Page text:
Hormones are chemicals that different cells in the body use to communicate with each other. By communicating, cells are able to work together to perform the many tasks that our bodies need to function. The body regulates everything from mood, to metabolism, to the immune system’s response with hormones.
One example of the important role hormones play in the body’s regulation is insulin. Insulin allows cells to absorb glucose and helps the body regulate blood sugar levels. When the body does not respond properly to it, it can result in diabetes.
Interestingly, there are also naturally occurring steroids in the body that are also a type of hormone. Based on the body’s receptors, they have been classified into five groups: glucocorticoids, mineralocorticoids, androgens, oestrogens, and progestogens. In the form of corticosteroids, are a major part of lupus treatment, and you can read more about it here.
Hormone Levels and Roles
Hormone levels are essentially consistent from one person to another. A person’s environment, mental state, and health can cause fluctuations
However, the family of hormones that control sexual function, reproduction, and development are different between the sexes. These hormones include:
The same hormone can fill many different roles, triggering different responses depending on the cell. The “sex hormones” are responsible for sex differentiation and reproductive behaviors. They also control a wide range of effects throughout the body. One of these effects is immune system regulation.
It is well-documented that sex-related hormones are related to systemic lupus erythematosus (SLE). Some researchers think that sex hormone levels, and in particular high levels of the hormone estrogen, might be the reason that females have higher rates of SLE and other autoimmune disease.
That said, hormones are not the only factor in SLE. The effects of hormones on the body are too complicated for treating immune system dysfunction with hormone therapy to be considered at this time. Genetics, and sex differences in chromosome expression, is thought to play a greater role than hormone levels in most cases of SLE.
What is the Relationship Between Hormones and Lupus?
One potential explanation for sex differences and SLE is the varying levels of sex hormones in the body. In particular, the ratio of particular hormones to one another may affect how immune cells develop and mature. And, which immune cells the body gets rid of.
B cells are a class of immune system cell that targets and marks cells for destruction. This happens at “checkpoints” in the body, including before cells are released. This process ensures the eradication of intruders like bacteria and virus-infected cells.
Estrogen and prolactin (sex hormones associated with female reproduction and development) are also involved in protecting B cells from destruction. Higher levels of these hormones can allow more B cells to circulate in the body. Next, the increased level of B cells can lead to an immune response, and may trigger symptoms of lupus.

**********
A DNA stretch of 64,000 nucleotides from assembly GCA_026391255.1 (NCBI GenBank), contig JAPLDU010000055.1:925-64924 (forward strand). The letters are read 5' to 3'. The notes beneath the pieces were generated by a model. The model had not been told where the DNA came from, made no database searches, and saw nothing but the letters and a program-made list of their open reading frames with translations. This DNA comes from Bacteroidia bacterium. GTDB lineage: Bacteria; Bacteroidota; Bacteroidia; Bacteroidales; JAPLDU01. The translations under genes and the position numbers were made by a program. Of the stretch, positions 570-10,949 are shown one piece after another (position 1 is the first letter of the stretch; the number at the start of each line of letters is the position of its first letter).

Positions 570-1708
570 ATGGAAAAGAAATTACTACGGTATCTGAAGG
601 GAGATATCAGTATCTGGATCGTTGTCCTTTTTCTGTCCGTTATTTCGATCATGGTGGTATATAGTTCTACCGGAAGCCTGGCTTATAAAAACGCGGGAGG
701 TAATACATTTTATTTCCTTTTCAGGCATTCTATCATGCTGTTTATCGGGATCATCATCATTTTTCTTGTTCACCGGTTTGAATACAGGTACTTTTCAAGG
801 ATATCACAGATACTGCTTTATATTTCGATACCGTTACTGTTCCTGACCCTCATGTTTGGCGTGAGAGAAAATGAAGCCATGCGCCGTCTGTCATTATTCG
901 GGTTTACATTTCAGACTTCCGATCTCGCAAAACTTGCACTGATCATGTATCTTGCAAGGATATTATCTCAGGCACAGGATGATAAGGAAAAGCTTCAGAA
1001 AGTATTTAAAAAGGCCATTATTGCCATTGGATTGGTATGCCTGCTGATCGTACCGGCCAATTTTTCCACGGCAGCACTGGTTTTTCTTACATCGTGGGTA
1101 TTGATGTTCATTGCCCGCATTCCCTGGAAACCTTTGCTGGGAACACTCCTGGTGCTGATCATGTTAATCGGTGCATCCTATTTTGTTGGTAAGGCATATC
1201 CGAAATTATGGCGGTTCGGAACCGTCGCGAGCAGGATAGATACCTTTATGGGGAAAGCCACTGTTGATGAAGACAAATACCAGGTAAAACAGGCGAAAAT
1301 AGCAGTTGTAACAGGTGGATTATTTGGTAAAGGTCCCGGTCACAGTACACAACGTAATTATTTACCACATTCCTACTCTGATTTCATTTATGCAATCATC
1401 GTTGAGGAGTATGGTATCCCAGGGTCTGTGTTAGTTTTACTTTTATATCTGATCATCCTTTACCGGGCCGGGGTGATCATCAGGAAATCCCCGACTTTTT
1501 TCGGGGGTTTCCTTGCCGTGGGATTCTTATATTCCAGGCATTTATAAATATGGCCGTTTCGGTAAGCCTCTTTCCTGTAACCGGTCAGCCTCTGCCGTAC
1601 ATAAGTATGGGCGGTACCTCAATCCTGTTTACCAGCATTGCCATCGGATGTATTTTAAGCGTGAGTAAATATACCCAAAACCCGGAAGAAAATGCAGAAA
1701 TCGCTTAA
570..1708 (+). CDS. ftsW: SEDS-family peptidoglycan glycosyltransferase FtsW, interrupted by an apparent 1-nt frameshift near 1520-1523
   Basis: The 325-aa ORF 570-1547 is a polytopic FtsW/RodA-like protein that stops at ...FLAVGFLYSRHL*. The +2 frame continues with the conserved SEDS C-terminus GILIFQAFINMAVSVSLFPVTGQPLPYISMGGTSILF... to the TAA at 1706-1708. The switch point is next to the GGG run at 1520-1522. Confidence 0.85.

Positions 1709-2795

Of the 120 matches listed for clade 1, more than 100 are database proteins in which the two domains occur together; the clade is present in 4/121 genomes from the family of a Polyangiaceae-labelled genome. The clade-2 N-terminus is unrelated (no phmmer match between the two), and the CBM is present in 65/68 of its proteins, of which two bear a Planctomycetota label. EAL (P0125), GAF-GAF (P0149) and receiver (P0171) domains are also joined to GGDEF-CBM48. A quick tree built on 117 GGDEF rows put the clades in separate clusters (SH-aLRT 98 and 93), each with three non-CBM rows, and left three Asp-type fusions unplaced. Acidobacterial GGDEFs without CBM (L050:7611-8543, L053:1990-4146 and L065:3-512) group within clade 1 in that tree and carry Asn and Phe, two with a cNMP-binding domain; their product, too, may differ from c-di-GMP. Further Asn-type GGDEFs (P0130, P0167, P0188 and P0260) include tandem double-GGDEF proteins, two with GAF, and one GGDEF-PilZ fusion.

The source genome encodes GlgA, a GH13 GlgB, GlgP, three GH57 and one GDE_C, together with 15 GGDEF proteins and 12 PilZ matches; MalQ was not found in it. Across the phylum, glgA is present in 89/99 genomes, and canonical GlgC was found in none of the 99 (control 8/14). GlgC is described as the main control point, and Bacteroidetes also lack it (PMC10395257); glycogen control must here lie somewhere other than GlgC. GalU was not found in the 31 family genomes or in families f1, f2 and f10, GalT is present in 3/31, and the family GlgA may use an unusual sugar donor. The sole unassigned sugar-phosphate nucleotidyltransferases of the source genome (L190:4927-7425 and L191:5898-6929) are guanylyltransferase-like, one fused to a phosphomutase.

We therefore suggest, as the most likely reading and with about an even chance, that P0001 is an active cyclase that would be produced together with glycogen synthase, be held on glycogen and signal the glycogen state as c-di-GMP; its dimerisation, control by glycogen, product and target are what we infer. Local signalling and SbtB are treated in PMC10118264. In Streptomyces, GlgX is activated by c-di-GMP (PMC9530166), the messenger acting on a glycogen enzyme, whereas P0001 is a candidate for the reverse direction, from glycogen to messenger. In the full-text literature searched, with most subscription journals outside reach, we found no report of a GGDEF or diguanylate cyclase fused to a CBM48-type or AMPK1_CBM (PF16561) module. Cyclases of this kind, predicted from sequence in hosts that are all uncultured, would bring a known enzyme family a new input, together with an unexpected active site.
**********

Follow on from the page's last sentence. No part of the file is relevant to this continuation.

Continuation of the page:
Estrogen is known to activate or encourage the activity of T cells. These cells seek out and destroy pathogens that use the body’s own cells to multiply, such as viruses, some bacteria, and tumors. T cells are a major component of lupus-related damage and symptoms, and you can read more about them, here.
When mice were treated with an estrogen antagonist (a type of medication which prevents estrogen from binding to receptors on cells) they had decreased rates of disease and milder symptoms.
One potential explanation for the reason women (females) develop SLE more frequently than men (males) is because they have more estrogen. This can be linked to two causes: 1) higher production levels of estrogen; and 2) higher levels of the natural conversion process of testosterone to estrogen (known as aromatase).
Before converting to estrogen, testosterone first becomes estradiol. A 2003 review on hormones in SLE noted estradiol levels are higher in people with SLE. This difference in estradiol levels was not found in males, though it should be noted that there are not as many large studies on SLE in men. This implies that there is a higher-than-normal conversion of testosterone to estrogen. Plus, it might amplify estrogen’s effect in the body further.
Testosterone, a male sex hormone, is known to suppress the immune system. Conversely, estrogen and other hormones in the same family push the immune system to produce and react to antibodies, leading to immune responses.
People with lupus may be more sensitive to the estrogen in their bodies due to genetics. This allows it to trigger responses more easily, and potentially allows it to accidentally target the body’s own cells. This is supported by the finding that, if a woman’s ovaries are working sub-optimally and producing low levels of estrogen, she also has a lowered risk of lupus.
Conversely, oral contraceptives, estrogen treatments, and ovulation induction as a part of fertility treatments have been known to trigger flares. When testosterone is administered, it is linked to reduced lupus symptoms.